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Testing for traffic shaping / throttling on Three Ireland
Every mobile network mast has an uplink to provide connectivity to that mast in much the same way as any telephone exchange.  Many rural masts get their connectivity over a microwave wireless link to another mast.  Masts in areas with good fibre infrastructure may get their connectivity over fibre and some also provide microwave connectivity to the rural masts. 

While a microwave link can provide plenty of capacity for the nodes of a single mast, some masts may be fed off a hierarchy or mesh of other masts with microwave links.  This can lead to severe congestion upstream such as with the main fibre connection if it does not have enough capacity.  This can lead to even quiet masts experiencing poor throughput. 

The Three network uses traffic shaping in many areas with many Content Delivery Network (CDN) getting priority over other types of traffic.  This is particularly noticeable in rural areas that face high netwok contention.  One good example of this is where general web browsing and downloading is incredibly slow while at the same time YouTube plays Full HD (1080p) on some videos without a glitch.

In the past, Three did traffic shaping by port #.  This led to the popular Ookla Speed test delivering 20Mbps+ test results when many websites were taking 10 times longer to open pages than on a 5Mbps DSL connection.  Back then it was also possible to exploit this traffic prioritisation by making a VPN connection over port 8008, which Ookla uses.  Three no longer prioritises by port # from what I can tell.  It is still possible to exploit traffic prioritisation through Cloudflare, which I may cover in a future post.  

Testing for traffic shaping

As traffic shaping affects many CDNs such as Google and Cloudflare, testing simply involves downloading a test file from a known fast host and then from a known prioritised host.  TestMy simulates this by timing how long it takes to download a known block size into the browser's cache, making it a useful test on phones where it's difficult to time a file download.  Don't confuse it with the popular Ookla speed test which uses a very diifferent test metholodogy to determine what the connection's speed currently gets up to.    

Test #1 – TestMy London vs Los Angeles servers

With most ISPs the London server generally performs much better than the Los Angeles server.  This makes sense as Los Angeles is in California, the west of the United States.  However, this TestMy host happens to be on a Vultr server that Three prioritises. 

These two links are set up to immediately start a 25MB download test against the London and Los Angeles servers: The following are test result examples on Three in Killybegs – London vs Los Angeles:

[Image: -RKQ6SurB.png] [Image: pDYwLOsMs.png]

The Three mast in Killybegs very rarely seldom gets over 30Mbps on the London server even early in the morning, yet the Los Angeles server oven gets over 60Mbps even at peak time!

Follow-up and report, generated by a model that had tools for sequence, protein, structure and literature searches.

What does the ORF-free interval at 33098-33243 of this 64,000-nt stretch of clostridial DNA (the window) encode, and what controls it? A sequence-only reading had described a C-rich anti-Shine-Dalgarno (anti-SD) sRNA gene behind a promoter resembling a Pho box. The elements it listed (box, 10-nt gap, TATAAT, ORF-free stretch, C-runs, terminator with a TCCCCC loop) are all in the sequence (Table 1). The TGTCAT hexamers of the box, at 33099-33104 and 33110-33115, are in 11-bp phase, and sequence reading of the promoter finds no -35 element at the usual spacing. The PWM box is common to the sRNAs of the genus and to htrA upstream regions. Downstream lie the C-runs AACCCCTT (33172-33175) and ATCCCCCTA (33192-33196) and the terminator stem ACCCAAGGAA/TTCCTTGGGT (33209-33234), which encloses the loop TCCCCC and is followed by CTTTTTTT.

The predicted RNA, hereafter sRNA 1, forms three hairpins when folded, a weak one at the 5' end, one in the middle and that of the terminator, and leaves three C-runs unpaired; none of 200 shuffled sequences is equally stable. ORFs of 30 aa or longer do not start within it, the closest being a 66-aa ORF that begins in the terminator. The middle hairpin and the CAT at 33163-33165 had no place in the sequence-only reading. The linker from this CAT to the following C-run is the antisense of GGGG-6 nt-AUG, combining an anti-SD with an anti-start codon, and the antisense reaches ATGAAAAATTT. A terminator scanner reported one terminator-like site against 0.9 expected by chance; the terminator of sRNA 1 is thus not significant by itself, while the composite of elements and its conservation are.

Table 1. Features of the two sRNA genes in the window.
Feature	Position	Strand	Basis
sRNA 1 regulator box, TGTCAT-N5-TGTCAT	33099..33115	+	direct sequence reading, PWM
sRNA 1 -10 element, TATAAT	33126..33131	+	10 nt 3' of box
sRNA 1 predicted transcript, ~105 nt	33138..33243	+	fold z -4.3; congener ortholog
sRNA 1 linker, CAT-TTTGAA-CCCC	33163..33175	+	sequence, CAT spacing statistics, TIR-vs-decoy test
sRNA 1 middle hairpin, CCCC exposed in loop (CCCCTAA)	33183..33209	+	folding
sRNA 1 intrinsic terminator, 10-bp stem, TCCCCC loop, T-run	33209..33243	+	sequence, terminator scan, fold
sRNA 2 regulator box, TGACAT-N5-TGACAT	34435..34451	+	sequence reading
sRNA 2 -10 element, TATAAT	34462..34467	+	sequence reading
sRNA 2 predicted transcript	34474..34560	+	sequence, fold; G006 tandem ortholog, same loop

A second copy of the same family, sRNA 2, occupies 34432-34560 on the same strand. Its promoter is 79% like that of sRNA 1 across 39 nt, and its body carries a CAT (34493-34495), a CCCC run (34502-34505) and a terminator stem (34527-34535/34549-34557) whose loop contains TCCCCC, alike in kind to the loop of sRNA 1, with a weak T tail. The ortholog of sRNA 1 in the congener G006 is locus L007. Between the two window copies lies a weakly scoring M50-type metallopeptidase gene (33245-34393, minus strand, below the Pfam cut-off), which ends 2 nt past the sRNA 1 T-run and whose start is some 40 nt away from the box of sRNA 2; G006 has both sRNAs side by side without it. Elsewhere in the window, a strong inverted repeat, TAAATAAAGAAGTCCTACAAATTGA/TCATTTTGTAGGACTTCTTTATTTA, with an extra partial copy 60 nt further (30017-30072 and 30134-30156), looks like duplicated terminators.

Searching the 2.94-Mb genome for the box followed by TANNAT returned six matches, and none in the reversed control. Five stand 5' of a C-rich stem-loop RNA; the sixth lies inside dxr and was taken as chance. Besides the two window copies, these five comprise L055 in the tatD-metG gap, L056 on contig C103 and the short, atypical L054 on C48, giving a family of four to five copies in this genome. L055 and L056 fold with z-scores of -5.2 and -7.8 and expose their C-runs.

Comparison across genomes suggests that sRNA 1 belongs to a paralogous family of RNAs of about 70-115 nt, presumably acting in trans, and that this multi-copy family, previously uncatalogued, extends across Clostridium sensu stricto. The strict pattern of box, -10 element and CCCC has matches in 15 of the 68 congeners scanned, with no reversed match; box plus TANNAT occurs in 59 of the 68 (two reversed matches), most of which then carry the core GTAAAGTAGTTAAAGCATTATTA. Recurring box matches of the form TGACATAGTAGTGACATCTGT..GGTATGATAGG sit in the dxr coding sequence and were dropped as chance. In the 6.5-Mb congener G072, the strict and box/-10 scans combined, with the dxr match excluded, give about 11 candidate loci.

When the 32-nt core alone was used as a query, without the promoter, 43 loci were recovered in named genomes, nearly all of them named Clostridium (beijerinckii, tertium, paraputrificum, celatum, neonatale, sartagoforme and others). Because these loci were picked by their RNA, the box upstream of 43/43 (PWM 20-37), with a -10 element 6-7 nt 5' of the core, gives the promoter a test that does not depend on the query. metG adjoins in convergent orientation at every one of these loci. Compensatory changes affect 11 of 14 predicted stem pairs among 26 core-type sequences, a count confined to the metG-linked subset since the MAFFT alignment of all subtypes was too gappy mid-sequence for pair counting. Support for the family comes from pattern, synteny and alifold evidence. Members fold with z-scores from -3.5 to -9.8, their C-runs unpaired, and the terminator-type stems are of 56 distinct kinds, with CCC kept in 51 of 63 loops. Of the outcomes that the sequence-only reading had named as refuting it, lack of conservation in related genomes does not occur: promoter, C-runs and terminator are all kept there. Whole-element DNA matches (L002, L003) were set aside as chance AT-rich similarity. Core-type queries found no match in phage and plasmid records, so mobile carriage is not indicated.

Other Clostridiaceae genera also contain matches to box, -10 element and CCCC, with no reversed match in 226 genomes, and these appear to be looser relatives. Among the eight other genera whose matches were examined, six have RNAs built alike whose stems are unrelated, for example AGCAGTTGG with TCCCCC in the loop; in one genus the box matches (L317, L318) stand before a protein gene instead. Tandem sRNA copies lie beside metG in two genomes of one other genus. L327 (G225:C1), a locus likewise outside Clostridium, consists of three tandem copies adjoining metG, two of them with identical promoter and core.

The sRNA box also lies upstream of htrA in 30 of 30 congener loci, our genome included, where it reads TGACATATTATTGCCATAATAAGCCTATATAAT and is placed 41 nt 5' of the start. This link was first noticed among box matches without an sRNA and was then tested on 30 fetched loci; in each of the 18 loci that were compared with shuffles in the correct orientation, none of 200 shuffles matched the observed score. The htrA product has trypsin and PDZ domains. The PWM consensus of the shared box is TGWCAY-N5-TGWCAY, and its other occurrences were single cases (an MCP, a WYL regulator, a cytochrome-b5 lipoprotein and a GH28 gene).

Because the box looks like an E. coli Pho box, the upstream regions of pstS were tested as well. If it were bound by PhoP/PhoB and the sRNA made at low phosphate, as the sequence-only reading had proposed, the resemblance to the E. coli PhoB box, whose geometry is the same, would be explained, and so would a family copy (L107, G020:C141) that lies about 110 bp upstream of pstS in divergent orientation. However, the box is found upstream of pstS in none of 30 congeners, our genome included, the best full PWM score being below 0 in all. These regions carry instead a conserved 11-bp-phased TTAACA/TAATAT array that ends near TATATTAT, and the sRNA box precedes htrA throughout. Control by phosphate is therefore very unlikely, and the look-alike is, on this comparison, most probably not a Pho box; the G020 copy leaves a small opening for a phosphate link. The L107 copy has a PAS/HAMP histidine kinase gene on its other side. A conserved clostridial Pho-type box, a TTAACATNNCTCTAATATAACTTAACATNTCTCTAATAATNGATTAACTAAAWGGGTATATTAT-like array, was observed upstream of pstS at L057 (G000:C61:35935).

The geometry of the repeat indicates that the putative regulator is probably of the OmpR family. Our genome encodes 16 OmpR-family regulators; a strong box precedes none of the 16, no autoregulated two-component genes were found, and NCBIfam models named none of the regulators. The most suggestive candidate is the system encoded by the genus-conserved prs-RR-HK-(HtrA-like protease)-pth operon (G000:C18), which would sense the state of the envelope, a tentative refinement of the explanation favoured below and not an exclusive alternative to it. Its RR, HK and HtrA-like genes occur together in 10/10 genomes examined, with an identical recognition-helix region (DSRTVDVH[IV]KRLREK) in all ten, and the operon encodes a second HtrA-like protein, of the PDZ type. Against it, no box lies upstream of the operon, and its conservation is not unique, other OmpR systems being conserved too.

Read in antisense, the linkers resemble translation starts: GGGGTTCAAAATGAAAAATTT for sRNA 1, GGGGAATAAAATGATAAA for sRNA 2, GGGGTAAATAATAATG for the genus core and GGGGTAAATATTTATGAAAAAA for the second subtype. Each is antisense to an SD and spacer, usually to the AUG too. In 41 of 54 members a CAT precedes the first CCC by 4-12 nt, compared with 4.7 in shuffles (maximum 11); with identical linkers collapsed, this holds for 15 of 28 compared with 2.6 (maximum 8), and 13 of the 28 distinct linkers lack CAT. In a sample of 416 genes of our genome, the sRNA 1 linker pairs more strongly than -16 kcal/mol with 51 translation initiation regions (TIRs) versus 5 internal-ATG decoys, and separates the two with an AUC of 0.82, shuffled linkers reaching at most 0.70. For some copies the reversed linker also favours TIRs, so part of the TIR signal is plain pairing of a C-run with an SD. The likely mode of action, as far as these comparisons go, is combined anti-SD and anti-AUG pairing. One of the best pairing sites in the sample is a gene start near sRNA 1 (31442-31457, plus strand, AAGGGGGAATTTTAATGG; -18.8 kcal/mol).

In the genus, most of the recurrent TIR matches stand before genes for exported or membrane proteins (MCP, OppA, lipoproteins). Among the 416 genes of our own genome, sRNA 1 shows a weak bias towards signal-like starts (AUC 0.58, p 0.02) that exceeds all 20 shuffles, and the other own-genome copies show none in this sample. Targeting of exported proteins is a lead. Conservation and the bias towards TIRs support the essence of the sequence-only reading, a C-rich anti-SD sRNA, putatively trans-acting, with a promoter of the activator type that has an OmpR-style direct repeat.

The Three mast in Donegal town (Abbey Hotel) does not appear to be affected.  With line of sight of the mast, I regularly get over 100Mbps, sometimes approaching 180Mbps with the London server:

[Image: 06-Grus_w.png]

Test #2 – Heatnet vs Fosshub

Heanet’s servers are fed by multiple 10Gbps links, so any congestion is very unlikely at that end.  Fosshub on the other hand uses Cloudflare as its CDN, which gets prioritised. 

Compare the download speed of Kodi 64-bit from Heanet and Fosshub:
Test #3 – Leaseweb vs Vultr

The Leaseweb hosting provider has test files up to 10GB in the Netherlands (when testing from Ireland), but currently is not prioritised on Three.  The Vultr hosting provider also has test files, which happen to be on hosts that get prioritised. 

Time how long it takes to download the 100MB file from the following two hosts:
Well, that's confirmed a few things! We are on a coastal rural three band 20 mast.
Test 1 London 13.6 Mb, Los Angeles 18.4
Heanet 40 s v Fosshub 22 s
Leaseweb 62s v Vultr 49s

Actual speedtest on 10.8 DL, 18.9 UL and quite slow ms today, 64 ms but we usually get 45 ms. This is mid afternoon before the evening congestion.
The sad thing is I actually think 10 Mb is "quite good!" these days. If only it would actually stay there...

By the way we found a cheaper source for those Yagi aerials, but doesn't look like getting one would really help much.
That's a great price for that pair of band 20 antennas, half that of Amazon! 

At that price, I think it's worth upgrading, even just to improve the prioritised traffic.  Three prioritises most major CDN traffic, so a few main bandwidth hogs such as Windows updates, popular YouTube videos and Google Drive syncing would benefit.  Whenever Three upgrades the backhaul serving your area (e.g. preparing for 5G), you should get the full benefit then. 

While travelling home with someone from Donegal, I tested London vs Los Angeles in Donegal, Dunkineely and Killybegs around 8pm with TestMy.  This shows how severe their traffic shaping can get in affected areas, London vs Los Angeles:

Donegal town (5pm):
[Image: Vsv_OBmWo.png] [Image: qzuTXjPno.png]

Dunkineely (7:38pm):
[Image: jyddGaSp0.png] [Image: 4AhwPQDe9.png]

Killybegs (7:55pm):
[Image: ZyKTvEhGG.png] [Image: ~wuZafMDO.png]

While going through Dunkineely, I had to manually choose a smaller 12MB block as it was taking too long, whereas the Los Angeles test flew with the 50MB block.  From looking at the "Test in Progress" graph, it would likely cause buffering issues with bandwidth sensitive services such as live streaming, video calls, etc:


It was only within the past year that Donegal town got upgraded as it had similar traffic shaping, unlike now where the nearer London test runs quicker as I would expect.

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